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How to Build a Wooden Clock from a Log

Updated February 21, 2017

Natural wood clocks bring a touch of nature to any home. The rich hues of natural wood grain complement nearly any colour and bring a wall to life. Making your own from wood grown on your own property creates a treasured keepsake that can be passed down through the generations. With a little time and effort, you can make a wall clock from any slab of wood with an inexpensive clock kit that provides everything you need except the wood.

Purchase a battery-operated clock kit. The kit should include the timekeeping mechanism as well as the hands and numbers for the face of the clock. The battery compartment should be built into the main clock.

Select a tree or log. You may wish to use a portion of a favourite tree that needed be removed or that was damaged from storms. Large burls are also a good source for making a clock. Burls are irregular growths that grow rapidly, creating a bulge on the side of a tree.

Use a chainsaw to slice a 1 ½ inch layer of wood for the clock. Use care to maintain an even cut so that the piece is of the same thickness throughout the cut.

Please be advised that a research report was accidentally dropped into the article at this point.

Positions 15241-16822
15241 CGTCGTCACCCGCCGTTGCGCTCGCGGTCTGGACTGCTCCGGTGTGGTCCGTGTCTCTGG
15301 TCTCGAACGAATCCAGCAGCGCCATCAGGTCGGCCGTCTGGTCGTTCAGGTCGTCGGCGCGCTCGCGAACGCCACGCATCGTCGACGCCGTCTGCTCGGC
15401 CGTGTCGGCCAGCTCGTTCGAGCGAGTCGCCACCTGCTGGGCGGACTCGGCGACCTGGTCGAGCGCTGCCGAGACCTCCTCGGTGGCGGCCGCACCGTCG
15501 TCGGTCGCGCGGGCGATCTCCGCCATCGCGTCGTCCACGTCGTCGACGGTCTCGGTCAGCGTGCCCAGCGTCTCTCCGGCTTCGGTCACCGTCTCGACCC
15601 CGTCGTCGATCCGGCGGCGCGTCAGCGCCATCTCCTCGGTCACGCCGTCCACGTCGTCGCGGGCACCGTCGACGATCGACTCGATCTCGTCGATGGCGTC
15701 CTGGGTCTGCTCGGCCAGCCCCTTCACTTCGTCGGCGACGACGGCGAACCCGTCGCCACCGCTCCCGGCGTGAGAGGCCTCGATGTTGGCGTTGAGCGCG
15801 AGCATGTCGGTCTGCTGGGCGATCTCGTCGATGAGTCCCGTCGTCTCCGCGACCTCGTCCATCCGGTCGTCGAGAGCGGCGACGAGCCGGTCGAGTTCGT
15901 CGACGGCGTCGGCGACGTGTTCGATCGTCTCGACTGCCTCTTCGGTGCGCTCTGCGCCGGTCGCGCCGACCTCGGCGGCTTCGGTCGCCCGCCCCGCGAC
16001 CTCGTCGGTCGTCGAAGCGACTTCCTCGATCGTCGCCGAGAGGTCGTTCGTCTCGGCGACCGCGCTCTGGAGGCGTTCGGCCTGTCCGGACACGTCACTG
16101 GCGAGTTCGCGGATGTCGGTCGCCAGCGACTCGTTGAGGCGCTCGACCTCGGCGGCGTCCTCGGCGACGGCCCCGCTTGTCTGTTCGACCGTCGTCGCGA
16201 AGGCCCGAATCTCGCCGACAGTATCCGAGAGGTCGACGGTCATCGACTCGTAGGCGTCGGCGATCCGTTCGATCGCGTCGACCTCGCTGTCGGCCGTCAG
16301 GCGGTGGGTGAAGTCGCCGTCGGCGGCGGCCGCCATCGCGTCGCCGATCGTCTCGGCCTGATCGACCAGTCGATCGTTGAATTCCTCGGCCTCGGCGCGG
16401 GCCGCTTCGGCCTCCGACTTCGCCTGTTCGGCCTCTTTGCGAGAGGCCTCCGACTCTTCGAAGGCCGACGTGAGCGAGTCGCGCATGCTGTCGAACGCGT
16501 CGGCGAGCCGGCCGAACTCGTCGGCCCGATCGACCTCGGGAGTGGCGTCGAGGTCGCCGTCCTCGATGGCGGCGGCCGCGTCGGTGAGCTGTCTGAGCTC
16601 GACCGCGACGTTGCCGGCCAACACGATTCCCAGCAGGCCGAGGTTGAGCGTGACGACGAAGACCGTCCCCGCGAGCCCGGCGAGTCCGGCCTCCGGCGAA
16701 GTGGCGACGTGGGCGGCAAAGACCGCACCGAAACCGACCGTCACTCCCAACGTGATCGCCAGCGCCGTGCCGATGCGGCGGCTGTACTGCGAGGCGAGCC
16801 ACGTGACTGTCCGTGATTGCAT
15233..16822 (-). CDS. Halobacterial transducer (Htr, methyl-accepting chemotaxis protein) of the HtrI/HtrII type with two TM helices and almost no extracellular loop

Sand the surface of the wood with heavyweight sand paper to remove rough spots. Repeat with medium and fine grit sand paper until the wood is smooth to the touch. Remove any dust with a soft cloth.

Locate the area on the slab of wood to place the clock face. This area should be 8 inches in diameter to allow for the face of the clock. Mark the centre of the area and drill a 5/16 inch hole through the centre to allow for the clock mechanism to be installed.

Trace a 4-inch circle on the backside of the clock so the hole is in the centre. Use a 1-inch router bit to remove wood to a depth of 1 inch within the 4-inch circle. Remove dust with a soft cloth.

Use a quick bond adhesive to glue the numbers around the perimeter of the clock face. Check numbers are evenly spaced and level. Allow to dry for 2 to 4 hours, according to the recommendations on the package.

Apply epoxy resin to the surface of the clock and allow to dry according to the directions on the container. You can purchase resin for wood at your local hardware store or craft store. Allow to dry until the resin is hard. Add additional coats until you reach the thickness you prefer.

Attach the clock mechanism to the back of the slab with the included screws. Attach the hands to the front of the clock. Attach the metal hanger with brads or small nails included in the kit.

Things You'll Need

  • Log/ tree
  • Chainsaw
  • Router
  • Drill
  • Clock kit
  • Epoxy resin
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About the Author

Nannette Richford is an avid gardener, teacher and nature enthusiast with more than four years' experience in online writing. Richford holds a Bachelor of Science in secondary education from the University of Maine Orono and certifications in teaching 7-12 English, K-8 General Elementary and Birth to age 5.